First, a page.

Another idea that I really liked from Classrooms that Work is teaching students concrete words using “cereal boxes,” “places to shop,” and “menus from popular restaurants” (Cunningham 39). I love this idea because teachers can use familiar symbols and words such as Walmart, Cheerios, McDonalds, etc. to teach children how to read. At first children might not actually read the words; they may just remember that a bottle of brown soda with a red label is “Coke;” however, this could activity spark interest in students by connecting reading to real life objects. Every time students see the signs, they will proudly proclaim what it says and hopefully, with guidance from a teacher and their parents, the students will learn to recognize and read the letters and words.
One of the my most important goals as a future educator is to keep students interested and engaged in lessons and assignments. A simple method of doing this is to include students’ names in lessons and assignments. In Classrooms that Work, the authors note, “As usual, children’s attention is better if you make sentences about them” (Cunningham 41). I did not realize how powerful names were until I read my own name in Reading with Meaning! As soon as I read my own name on page 53, I perked up. Here was the sentence that struck me along with a bit of context: “Think, too, about children who know about certain types of stories. Caroline, Devon, and Nicole, like Adam and his dinosaurs, know about fairy tales” (Miller 53). I noticed that after I read my own name, I paid attention more and I got excited every time I saw my name in the following pages. I think that it is important to use students’ names in classroom activities because it helps connects them to the activity and it shows that they are an important part of the classroom.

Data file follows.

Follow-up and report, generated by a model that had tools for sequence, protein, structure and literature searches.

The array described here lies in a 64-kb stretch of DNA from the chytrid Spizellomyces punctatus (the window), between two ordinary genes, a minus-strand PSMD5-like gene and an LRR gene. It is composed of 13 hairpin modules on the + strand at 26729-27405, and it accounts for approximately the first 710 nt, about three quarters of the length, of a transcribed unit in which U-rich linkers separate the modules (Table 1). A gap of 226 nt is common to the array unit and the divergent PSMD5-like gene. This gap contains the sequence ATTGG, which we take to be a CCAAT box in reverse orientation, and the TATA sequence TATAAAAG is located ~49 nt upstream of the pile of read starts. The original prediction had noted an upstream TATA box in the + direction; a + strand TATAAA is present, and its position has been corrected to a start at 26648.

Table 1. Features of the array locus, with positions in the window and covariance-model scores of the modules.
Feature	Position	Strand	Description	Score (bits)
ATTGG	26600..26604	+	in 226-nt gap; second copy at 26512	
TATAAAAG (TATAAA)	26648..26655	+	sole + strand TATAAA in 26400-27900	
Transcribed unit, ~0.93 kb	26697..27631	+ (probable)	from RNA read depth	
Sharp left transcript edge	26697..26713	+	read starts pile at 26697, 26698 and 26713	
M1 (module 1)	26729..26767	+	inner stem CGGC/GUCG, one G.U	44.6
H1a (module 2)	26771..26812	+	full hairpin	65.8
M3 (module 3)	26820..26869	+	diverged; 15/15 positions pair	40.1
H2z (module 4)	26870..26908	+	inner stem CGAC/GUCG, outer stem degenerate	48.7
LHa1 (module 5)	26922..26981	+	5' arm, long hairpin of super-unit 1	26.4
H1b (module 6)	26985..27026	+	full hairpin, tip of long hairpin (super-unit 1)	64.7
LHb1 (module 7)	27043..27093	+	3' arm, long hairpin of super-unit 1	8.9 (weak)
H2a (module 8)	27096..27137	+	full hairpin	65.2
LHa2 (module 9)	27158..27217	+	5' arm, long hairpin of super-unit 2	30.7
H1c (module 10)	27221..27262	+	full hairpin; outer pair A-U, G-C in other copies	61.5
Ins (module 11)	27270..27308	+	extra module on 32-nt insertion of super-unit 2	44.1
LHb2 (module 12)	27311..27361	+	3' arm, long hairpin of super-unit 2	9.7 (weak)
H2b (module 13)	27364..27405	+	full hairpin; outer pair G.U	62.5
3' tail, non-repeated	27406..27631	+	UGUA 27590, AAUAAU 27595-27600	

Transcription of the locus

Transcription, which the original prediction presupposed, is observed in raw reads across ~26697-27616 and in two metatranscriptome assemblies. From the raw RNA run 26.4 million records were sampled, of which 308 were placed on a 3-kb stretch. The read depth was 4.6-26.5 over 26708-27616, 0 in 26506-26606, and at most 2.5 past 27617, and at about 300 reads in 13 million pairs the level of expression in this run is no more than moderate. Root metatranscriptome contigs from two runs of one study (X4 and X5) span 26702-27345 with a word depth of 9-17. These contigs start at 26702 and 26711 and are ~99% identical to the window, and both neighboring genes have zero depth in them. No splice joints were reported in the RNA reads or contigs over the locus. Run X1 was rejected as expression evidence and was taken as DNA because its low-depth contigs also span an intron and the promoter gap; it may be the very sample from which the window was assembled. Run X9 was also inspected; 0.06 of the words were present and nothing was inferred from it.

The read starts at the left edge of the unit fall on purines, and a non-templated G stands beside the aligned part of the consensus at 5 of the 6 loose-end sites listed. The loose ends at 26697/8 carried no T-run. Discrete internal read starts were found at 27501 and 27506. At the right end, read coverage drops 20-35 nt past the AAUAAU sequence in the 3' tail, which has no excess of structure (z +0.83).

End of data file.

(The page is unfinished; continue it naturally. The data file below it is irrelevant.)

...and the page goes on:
I am currently working in a “supportive teaching” role in my CT’s classroom. Supportive teaching is defined as having “the teaching in the lead instructional role while the aide circulates among students to provide support in a subordinate role” (Díaz-Rico 178). I am always excited to work in my classroom. I really enjoy my role as a supportive aide because this role allows me to connect with students on a daily basis and provide extra help for them. I hope to soon co-teach with my CT. We have already talked a bit about doing a lesson using prezi.com, a presentation tool similar to PowerPoint.
As always, I cannot wait until I return to my class!
- Bohlin, Lisa, Cheryl Cisero Durwin, and Marla Resse-Weber. Ed Psych Modules. 2nd ed. New York: McGraw-Hill, 2009. Print.
- Cunningham, Patricia Marr., and Richard L. Allington. Classrooms That Work: They Can All Read and Write. 5th ed. Boston: Pearson Education, 2011. Print.
- Díaz-Rico, Lynne T. The Crosscultural, Language, and Academic Development Handbook: A Complete K-12 Reference Guide. 5th ed. N.p.: Pearson Education, 2014. Print.
- Miller, Debbie. Reading with Meaning: Teaching Comprehension in the Primary Grades. 2nd ed. N.p.: Stenhouse, 2013. Print.